Rio de Janeiro The World Cup may be over but there has been little let-up in a city already counting down to the 2016 Olympics. A controversial project to boost tourism and improve transport has just been inaugurated – a cable car linking the city’s central railway station and the favela of Providência, providing a fast (and free) route from favela to city, with sensational views of the coastline. The city’s second cable car system, it has suffered long delays, having been completed in May 2013 but only going into service last month. Some locals have protested against the removal of homes and criticised voyeuristic “favela tourism”. Officials, however, claim it will bring new revenue and is a crucial part of the ongoing revitalisation of Porto Maravilha, the key district being developed for the Olympics, and where the Museum of Tomorrow, due to open 2016, is currently taking shape.
Norway The inaugural Salt festival begins this month on the remote island beach of Sandhornøya (reached by ferry from Bodø). It is an ambitious attempt to bring together the worlds of art, design, music and food in a variety of performances – from club nights to storytelling – in a remote Arctic location.
Guests can stay for a day, a night or up to a week any time over the next year – accommodation is in striking eco-friendly beach shacks and the line-up (including the Arctic Philharmonic Orchestra and Sami singer Elle Márjá Eira) is in constant development. The event runs from August 29 until September 6 2015; the organisers then plan to run spin-off festivals in northern locations including Iceland, Greenland, the Faroe Islands, Alaska and Scotland.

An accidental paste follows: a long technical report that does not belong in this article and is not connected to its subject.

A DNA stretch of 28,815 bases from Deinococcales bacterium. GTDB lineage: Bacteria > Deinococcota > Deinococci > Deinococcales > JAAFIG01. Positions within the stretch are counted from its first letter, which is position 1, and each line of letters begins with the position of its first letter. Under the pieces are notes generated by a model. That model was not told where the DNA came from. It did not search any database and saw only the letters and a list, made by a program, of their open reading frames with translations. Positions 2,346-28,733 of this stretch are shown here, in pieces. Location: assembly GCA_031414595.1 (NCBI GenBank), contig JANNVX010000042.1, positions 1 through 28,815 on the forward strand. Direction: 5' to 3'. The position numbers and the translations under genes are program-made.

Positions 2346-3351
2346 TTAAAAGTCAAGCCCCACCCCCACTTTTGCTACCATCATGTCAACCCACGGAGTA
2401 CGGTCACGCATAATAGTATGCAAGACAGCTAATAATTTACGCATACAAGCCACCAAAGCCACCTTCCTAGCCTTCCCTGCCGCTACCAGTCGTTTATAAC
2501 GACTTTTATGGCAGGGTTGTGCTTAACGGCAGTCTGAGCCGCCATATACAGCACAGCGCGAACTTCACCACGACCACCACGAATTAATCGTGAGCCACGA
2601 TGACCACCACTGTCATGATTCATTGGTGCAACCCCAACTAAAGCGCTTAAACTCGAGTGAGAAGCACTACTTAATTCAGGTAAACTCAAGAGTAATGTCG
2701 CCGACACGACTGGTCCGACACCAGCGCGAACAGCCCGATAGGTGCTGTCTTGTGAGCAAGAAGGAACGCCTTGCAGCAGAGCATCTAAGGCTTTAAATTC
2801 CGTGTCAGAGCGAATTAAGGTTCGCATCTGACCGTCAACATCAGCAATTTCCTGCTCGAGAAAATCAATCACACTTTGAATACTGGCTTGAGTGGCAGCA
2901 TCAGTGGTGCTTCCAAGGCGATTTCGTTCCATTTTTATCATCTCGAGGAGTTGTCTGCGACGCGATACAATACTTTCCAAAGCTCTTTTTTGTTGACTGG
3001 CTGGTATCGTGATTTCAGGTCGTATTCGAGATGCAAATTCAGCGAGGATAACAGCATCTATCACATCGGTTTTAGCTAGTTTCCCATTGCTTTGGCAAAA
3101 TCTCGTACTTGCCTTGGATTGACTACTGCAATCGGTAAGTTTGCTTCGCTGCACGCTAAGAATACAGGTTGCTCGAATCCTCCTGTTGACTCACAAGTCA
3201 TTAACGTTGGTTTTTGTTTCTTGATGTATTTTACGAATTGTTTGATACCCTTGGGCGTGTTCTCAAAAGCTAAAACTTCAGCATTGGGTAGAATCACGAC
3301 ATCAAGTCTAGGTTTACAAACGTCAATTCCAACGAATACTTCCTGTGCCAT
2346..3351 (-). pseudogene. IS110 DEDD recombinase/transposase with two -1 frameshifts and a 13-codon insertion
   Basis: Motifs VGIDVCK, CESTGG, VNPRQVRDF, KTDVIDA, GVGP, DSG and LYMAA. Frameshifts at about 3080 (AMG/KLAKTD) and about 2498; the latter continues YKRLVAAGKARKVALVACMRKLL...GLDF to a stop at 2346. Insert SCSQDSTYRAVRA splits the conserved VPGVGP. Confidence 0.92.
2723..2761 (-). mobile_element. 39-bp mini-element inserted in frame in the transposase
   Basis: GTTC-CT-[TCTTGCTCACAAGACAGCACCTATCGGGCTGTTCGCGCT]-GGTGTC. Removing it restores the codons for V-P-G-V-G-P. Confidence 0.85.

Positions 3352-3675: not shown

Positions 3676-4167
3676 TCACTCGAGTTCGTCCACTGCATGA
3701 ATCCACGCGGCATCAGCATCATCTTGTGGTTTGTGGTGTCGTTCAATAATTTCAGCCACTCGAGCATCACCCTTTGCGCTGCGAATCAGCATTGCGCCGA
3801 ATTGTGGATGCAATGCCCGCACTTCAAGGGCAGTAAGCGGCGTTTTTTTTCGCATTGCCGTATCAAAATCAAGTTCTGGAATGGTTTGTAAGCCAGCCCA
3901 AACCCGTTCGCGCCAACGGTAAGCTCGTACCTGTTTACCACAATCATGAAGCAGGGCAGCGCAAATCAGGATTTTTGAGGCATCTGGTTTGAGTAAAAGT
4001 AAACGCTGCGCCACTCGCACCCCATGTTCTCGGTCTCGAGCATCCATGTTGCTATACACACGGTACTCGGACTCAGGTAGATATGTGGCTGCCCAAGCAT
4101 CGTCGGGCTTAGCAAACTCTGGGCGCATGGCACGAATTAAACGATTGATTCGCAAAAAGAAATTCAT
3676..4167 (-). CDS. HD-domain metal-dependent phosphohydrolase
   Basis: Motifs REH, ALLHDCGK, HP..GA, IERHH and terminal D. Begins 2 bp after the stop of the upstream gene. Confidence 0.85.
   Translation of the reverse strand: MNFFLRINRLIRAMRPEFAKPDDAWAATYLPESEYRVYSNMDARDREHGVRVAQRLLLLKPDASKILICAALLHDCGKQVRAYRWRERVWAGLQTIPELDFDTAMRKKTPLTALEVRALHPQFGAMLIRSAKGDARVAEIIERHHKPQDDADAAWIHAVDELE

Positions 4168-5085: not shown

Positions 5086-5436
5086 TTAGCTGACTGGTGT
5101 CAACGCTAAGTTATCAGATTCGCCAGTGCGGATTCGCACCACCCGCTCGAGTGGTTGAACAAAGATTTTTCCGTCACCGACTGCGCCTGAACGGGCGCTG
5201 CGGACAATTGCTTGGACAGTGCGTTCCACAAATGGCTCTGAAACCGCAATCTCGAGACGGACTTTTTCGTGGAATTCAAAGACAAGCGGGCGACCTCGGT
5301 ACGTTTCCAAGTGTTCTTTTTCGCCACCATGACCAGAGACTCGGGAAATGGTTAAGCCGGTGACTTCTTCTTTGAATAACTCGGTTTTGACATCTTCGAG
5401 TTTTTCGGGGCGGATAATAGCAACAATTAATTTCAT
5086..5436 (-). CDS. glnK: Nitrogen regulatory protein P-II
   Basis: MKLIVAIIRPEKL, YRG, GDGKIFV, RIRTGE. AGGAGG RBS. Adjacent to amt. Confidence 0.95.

Arizona The development of evermore ridiculous spa experiences continues apace, this week at the L’Auberge de Sedona. Its L’Apothecary Spa – recently voted among the top spas in the US by Condé Nast Traveler magazine – has just launched Feet in the Creek, in which guests can “reconnect with the earth” and enjoy the “spiritual surroundings” by wading around Oak Creek, a stream that runs through the resort’s grounds. The $135 treatment (if that’s what you can call it) is based on the “science” of earthing, which promotes direct contact with the earth to enhance physical and mental equilibrium.